How Psychology Views Human Nature
Article by Lon Woodbury
Positive Psychology focuses on building on a person’s strengths. This “Strength Based” approach is a positive and more uplifting view of human nature looking to build and empower people, rather than define them by their deficits. The positive view of human nature is being implemented in a therapeutic boarding school, where character education is important it is called Positive Youth Development (PYD) discussed on my Internet Talk Radio Show, Monday August 22, 2011.
That mainstream psychology evolved out of abnormal psychology research is something that has been well known for many years. The resulting negative view of human nature was not obvious at first. But as the vocabulary of psychology moved into social discussions, if you listened to your friends, it seemed everybody with a problem suffered from some kind of disorder they had no control over. Even back in the 1950’s, some psychologists claimed that an overwhelming percentage of the population was desperately in need of psychotherapy. One picture of the future I remember hearing then, only half in jest, was that in the future at any one time, half the population would be receiving psychotherapy and the other half providing it. Then a bell would ring and everybody would switch positions.
How we can maintain a free society when the common view is everybody is not in possession of their full faculties is beyond me.
This might be changing. The concept called Positive Psychology has been giving some push back on this view. That is, instead of helping people by treating their deficits and assuming once the person is “fixed,” that person will function better, Positive Psychology focuses on building on a person’s strengths. This “Strength Based” approach is a positive and more uplifting view of human nature. It looks to build and empower people, rather than define them by their deficits.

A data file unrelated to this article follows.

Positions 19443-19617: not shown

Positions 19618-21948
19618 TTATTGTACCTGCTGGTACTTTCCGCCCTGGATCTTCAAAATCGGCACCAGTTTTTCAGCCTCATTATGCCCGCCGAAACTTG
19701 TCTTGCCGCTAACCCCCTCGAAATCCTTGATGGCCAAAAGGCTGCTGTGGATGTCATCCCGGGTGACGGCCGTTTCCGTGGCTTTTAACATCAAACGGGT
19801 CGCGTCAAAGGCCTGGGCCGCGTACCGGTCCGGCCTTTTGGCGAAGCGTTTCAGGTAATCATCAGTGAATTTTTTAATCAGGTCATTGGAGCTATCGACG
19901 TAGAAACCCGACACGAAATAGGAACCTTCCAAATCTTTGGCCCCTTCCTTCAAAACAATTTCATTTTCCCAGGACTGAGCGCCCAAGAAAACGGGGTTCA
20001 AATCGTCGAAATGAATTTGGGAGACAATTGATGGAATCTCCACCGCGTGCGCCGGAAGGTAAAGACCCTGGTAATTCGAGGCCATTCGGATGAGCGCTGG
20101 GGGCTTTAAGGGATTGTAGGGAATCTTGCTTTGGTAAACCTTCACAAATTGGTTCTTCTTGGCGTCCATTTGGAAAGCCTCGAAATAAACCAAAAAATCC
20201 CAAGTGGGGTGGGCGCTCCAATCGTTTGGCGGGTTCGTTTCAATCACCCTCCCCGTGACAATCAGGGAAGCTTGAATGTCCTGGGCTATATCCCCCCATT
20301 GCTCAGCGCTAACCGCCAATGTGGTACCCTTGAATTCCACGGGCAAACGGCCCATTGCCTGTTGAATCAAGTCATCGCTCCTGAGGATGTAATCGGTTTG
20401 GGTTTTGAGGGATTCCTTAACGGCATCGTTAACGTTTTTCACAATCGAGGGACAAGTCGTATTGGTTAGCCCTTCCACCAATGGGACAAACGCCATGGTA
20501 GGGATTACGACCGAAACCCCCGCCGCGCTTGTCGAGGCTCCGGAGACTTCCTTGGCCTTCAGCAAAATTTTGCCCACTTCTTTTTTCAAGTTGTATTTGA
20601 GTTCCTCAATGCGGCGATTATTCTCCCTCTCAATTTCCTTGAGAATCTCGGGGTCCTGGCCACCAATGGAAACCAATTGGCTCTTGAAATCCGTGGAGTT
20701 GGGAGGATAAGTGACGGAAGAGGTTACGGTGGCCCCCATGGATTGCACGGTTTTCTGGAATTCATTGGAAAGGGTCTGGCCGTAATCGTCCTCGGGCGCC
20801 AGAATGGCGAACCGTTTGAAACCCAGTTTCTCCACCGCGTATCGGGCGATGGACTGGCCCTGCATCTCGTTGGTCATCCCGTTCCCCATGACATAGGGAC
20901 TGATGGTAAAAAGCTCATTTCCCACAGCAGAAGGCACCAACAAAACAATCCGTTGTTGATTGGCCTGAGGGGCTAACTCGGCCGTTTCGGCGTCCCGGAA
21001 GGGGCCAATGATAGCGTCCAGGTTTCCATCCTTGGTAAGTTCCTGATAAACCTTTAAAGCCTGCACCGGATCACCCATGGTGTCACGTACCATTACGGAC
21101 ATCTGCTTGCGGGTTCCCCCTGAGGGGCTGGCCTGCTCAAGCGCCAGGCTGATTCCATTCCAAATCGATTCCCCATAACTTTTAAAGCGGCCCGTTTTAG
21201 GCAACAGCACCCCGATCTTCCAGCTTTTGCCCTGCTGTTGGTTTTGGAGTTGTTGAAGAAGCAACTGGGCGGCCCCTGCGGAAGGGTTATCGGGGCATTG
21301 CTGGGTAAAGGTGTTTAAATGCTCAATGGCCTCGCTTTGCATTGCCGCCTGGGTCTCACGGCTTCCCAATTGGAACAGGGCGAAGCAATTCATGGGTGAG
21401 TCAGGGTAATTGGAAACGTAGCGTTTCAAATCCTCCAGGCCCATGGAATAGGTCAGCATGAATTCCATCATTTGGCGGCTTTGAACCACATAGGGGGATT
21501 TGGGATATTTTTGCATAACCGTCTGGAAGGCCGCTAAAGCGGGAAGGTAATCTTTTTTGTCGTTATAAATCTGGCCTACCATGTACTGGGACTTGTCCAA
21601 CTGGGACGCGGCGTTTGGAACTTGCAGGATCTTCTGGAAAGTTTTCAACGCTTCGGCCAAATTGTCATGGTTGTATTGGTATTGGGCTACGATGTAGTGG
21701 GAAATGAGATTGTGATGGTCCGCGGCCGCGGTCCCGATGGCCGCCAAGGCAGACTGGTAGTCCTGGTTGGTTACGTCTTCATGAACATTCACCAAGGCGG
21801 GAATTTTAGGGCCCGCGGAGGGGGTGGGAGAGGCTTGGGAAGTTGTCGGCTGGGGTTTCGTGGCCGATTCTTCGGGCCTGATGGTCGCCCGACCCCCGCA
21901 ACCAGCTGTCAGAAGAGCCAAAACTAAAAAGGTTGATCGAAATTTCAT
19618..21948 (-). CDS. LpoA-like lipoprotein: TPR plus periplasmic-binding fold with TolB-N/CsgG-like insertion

This positive view of human nature was apparent on my Internet Talk Radio Show, Monday August 22, 2011. On the show, I visited with three professionals who are implementing what they call Positive Youth Development (PYD) in a therapeutic boarding school, where character education is important. PYD is based partly on Positive Psychology and focuses on students healing through staff building on the students’ strengths and by encouraging them to contribute to the community. That is, the students are not seen as patients needing deficits corrected, but as contributing members of the school community who have a value they can contribute to the community, even with the problems and issues that brought them to the school in the first place. Further, the healing is done by helping the students contribute and thus be empowered as human beings.
This view is much more uplifting than encouraging students to be patients who are broken and dependent on a therapist to fix them.
To listen to the full discussion on this topic, go to http://www.latalkradio.com/Lon.php.
For the full archives of all articles published by Woodbury Reports since November 1989, go to Strugglingteens.com.
Lon Woodbury is an educational consultant who began working with Schools and Programs for struggling teens in 1984. Lon earned his B.S. and M.A. degrees from the University of Idaho. He is a long-time member of the IECA. His practice includes a referral service for parents and professionals, publication of the newsletter Places for Struggling Teens (TM) (print and online), and a directory of the residential schools and programs with the best reputations in the Parent Empowerment Handbook. He can also be found at http://parent-empowerment-blog.com/ and at http://www.strugglingteens.com. For information, call 208-267-5550 or email firstname.lastname@example.org.